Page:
Theater historians have long recognized that a new form of comedy emerged in the early eighteenth century, but there has been little agreement on the exact nature of this new genre or on what to call it. Should this new type of comedy be termed “sentimental” as critics from Ernest Bernbaum to Frank Ellis have suggested? Or is it better described as “humane” or “reform” as Shirley Strum Kenny, Robert Hume, and others have argued? Taking her cue from the latter school, Ms. Gollapudi opts for the term “moral reform comedy,” and she makes a convincing case for using this generic descriptor by showing the prevalence [End Page 50] of the reform motif in nine popular comedies from 1696 to 1747. In contrast to the dismissive attitude of Tory contemporaries—an attitude that was uncritically embraced subsequently by many theater historians—Ms. Gollapudi considers seriously the emotional, social, and political impact of the comedy perfected by Cibber, Steele, Charles Johnson, Hoadly, and other Whig writers. But she also attends to this drama’s coercive social and political function; and her focus on the term “moral,” arguably this study’s most interesting dimension, undermines the moral reform comedy’s own virtuous narrative of itself. Reform comedy grew out of the same “ethos of moral regulation” that spawned organizations like the Societies for the Regulation of Manners and (eventually) the 1737 Licensing Act, this book argues, and like those other disciplining structures, it sought to encourage some forms of identity and suppress others.
Her historical and theoretical scholarship, and perceptive, original readings of the plays make this book rewarding. Her first two chapters show how the moral reform movement (spearheaded by Collier) affected turn-of-the-century Cibber, Farquhar, and Centlivre. In addition to the plays, she focuses on how staged spectacle affects an audience. The reformation of the rake at the end of Cibber’s Love’s Last Shift (1696), for instance, was implausible to its audience. Conversely, as she shows by an analysis of The Gamester (1705) and The Inconstant (1702), Centlivre and Farquhar can be included in the pro-reform camp only if we ignore their subversive handling of the “‘well-wrought’ scene of sincere repentance.”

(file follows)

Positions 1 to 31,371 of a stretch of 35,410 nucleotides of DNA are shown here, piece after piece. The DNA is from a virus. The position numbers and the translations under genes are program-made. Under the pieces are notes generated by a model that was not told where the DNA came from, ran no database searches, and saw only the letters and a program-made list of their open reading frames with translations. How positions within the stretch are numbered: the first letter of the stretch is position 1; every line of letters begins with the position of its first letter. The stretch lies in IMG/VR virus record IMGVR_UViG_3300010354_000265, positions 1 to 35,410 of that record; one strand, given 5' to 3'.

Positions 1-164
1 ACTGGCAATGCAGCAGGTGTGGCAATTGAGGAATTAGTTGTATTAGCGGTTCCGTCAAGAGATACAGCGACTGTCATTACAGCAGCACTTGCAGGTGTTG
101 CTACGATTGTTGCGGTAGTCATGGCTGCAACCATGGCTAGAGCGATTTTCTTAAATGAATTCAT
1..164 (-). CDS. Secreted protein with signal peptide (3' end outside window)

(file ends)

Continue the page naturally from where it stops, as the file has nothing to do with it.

While pro-Collierites presumed a passive and highly susceptible audience that would submit to the moralizing message of the stage, anti-Collierites (like the Restoration playwrights before them) presumed a rational audience at a critical remove from the dramatized representation of virtue or vice. These different assumptions produce Farquhar’s and Centlivre’s ambivalent comedy.
The audience, however, was not merely of interest to the theater and its critics. It was also a central preoccupation of periodicals like the Spectator and organizations like the Societies for the Reformation of Manners, and as Ms. Gollapudi reads two other Cibber plays against this background, she complicates the “cult of womanhood” that emerged at this time—a cult that ostensibly placed the female figure at the center of private and public morality. The domestic woman acquired new powers because of her emerging role as guardian of morality in the bourgeois family. But in Cibber’s The Careless Husband (1704) and The Lady’s Last Stake (1707), the reforming heroine’s ability to exercise agency is severely curtailed in order not to challenge masculine privilege. The broader thrust of this chapter supports feminist scholarship that disputes the claim, first advanced by Lawrence Stone, that a more egalitarian “companionate marriage” arose in the eighteenth century; and it adds a historic dimension to the academic conversation about the female gaze, which has preoccupied theater and film critics in recent decades. The early eighteenth century, as evidenced by the use of the gaze in the moral reform play, was, at best, a moment of “ambiguous authorization” for the woman.
The trope of jealousy is a loaded social construct, and her tracking of its changing representations provides a different ideational framework for companionate marriage in the moral reform play. Charles Johnson’s Generous Husband (1711) and Benjamin Hoadly’s Suspicious Husband [End Page 51] (1747) exorcise cuckoldry and rakishness...